Examines the effects of globalization on three New York communities—Utica, Cooperstown, and Hartwick.
In what may be the first explicitly comparative study of the effects of globalization on metropolitan and rural communities, In Gotham's Shadow examines how three central New York communities struggled over the last half century to survive in a global economy that seems to have forgotten them. Utica, formerly a city of one hundred thousand, experienced the same trends of suburbanization, deindustrialization, and urban renewal as nearly every American city, with the same mixed results. In Cooperstown and Hartwick, two small villages forty miles south of Utica, the same trends were at work, though with different outcomes. Hartwick may be seen as an example of how small towns have lost their core, while Cooperstown may be seen as an example of how a small town can survive by transforming itself into a tourist destination. Thomas provides extensive historical background mixed with newspaper excerpts and lively interviews that add a human dimension to the transformations these communities have experienced.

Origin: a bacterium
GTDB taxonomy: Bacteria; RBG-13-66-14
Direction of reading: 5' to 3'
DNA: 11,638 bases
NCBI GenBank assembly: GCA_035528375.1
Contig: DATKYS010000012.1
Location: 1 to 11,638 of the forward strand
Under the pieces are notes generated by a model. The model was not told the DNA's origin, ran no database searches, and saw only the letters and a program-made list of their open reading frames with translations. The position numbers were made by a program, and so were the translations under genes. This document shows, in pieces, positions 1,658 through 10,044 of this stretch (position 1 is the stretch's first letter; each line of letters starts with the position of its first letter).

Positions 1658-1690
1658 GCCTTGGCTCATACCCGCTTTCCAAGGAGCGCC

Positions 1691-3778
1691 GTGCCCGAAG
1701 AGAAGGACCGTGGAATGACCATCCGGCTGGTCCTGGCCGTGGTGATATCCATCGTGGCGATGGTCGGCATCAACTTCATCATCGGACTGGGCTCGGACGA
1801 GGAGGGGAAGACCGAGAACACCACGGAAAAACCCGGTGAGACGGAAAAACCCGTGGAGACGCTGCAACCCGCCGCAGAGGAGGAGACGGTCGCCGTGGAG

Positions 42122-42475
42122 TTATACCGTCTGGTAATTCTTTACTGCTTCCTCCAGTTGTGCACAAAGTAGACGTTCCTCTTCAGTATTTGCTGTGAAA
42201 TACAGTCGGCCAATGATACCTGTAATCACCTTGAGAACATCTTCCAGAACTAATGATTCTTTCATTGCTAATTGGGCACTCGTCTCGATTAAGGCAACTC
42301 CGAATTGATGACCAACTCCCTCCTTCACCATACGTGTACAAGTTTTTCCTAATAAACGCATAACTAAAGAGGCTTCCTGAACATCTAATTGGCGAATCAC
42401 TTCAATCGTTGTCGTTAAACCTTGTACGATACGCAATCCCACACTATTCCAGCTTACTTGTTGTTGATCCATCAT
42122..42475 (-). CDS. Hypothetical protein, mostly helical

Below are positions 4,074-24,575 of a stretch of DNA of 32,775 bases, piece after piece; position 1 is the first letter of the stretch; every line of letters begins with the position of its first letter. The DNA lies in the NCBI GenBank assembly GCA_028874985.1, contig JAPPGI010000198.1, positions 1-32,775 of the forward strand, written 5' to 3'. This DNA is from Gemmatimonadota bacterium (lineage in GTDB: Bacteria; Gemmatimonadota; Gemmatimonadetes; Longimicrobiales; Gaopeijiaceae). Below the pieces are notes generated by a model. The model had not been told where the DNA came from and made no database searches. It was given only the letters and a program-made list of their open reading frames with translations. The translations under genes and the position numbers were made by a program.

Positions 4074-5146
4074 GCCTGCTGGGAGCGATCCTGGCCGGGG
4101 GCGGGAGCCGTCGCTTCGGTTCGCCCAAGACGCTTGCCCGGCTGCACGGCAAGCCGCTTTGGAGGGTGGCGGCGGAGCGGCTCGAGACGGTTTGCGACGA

Alexander R. Thomas is Assistant Professor of Sociology at the State University of New York College at Oneonta.